In May we had visited the exhibition at the St. Louis Art Museum on Impressionist France, which assembled a considerable number of art works and photographs from the 19th century into a fascinating display of art, history, nationalism, industry, nature, and other themes. It was a wonderful exhibition; we actually went through on two occasions.
In the last room, devoted to works about industry and economics, was Claude Monet’s “Railway Bridge at Argenteuil” (shown above). Many of the Impressionists, including Monet, were fascinated with the changes being wrought by industrialization. That bridge was one, but not the only one. I spent some time studying the painting, and realized that I really didn’t know much about Monet except his penchant for painting water lilies at Giverny (and a wonderful exhibit of the three works that were collectively one, which was held in 2011 and 2012 at the Cleveland, St. Louis and Kansas City art museums).
My wondering about how little I knew about Monet the man and artist found a ready solution in the art museum’s gift ship: a book. Simply entitled Monet, it was written by Carla Rachman, a lecturer on 19th century art at the University of London. It is published by Phaidon Press, which publishes a lot of books about art, artists, and related subjects (and if you go to any art museum, you’ll likely find books for sale by Phaidon Press).
I loved the book. It’s a highly readable, engaging, and fascinating account of Monet’s life and art. What Rachman presents, and it fit incredibly well with the theme of the Impressionist France exhibition at the museum, is an artist who became bound up in France’s notion of itself as a nation. Monet, for many of the French people, became synonymous with France.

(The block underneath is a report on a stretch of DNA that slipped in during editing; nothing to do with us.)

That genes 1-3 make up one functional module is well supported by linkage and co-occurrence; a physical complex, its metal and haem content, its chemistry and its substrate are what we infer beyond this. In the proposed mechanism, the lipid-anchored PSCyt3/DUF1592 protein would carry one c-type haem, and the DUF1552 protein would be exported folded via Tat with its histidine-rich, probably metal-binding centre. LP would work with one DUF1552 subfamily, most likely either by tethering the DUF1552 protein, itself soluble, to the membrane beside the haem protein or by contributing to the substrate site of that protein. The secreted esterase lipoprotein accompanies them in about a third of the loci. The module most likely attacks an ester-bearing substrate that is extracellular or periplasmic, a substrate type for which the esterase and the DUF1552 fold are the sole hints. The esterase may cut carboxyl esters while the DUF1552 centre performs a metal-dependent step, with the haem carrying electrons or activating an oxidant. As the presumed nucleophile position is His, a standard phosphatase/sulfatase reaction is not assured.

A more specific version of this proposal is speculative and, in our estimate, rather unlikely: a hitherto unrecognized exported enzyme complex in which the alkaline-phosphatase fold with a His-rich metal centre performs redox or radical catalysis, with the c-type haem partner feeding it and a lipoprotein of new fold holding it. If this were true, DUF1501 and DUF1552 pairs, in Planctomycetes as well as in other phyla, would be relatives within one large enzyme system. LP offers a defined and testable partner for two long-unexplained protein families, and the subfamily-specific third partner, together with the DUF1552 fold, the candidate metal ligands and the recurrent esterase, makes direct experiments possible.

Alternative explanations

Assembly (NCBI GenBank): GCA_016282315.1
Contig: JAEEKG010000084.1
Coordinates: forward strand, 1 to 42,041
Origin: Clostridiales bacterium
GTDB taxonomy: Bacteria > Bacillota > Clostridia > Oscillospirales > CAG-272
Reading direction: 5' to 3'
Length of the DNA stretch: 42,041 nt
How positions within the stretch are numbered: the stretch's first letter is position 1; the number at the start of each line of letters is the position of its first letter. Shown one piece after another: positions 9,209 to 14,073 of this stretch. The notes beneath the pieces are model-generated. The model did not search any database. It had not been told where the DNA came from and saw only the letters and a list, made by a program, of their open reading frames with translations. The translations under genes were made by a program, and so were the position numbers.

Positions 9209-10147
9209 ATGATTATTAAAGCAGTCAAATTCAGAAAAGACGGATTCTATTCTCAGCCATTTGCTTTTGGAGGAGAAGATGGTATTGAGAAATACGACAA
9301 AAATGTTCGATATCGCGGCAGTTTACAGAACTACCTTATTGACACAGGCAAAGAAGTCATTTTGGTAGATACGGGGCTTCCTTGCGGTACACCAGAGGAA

Rachman walks us through the key events of his life – his family, how he came to paint, the various moves around France, his unconventional living arrangements after his first wife died, how he came to settle at Giverny, the trials and tribulations he and the other Impressionists had with the Salon (i.e., the establishment), the alternative shows, the rather daring show of the 37 paintings of haystacks, and, of course, the water lilies.
We learn of his concern that so many of his paintings were being bought by Americans and taken back to the United States (to the extent, Rachman says, that you cannot study Monet without an extended visit to America). We see that while he had periods of financial concern, he was no suffering artist, and he became a successful artist long before many of his fellow painters. We learn of his style and how it developed, and what influenced him. We even see Monet painting his first wife as she was on her deathbed.
It’s a work of insight and knowledge. Rachman knows her artist and she knows his context, and not only his artistic context. She places him in his time, in his country (and he was nothing if not a loyal Frenchman). And she explains how, in so many ways, he effectively became his country.
Monet is a wonderful biography, and more than that, a wonderful overview of the man, his art, and his time.
Navigating Monet’s Water Lilies (poem)
The artist ignores Monet (poem)
Painting: Railway Bridge at Argenteuil, oil on canvas by Claude Monet (1873), Philadelphia Museum of Art.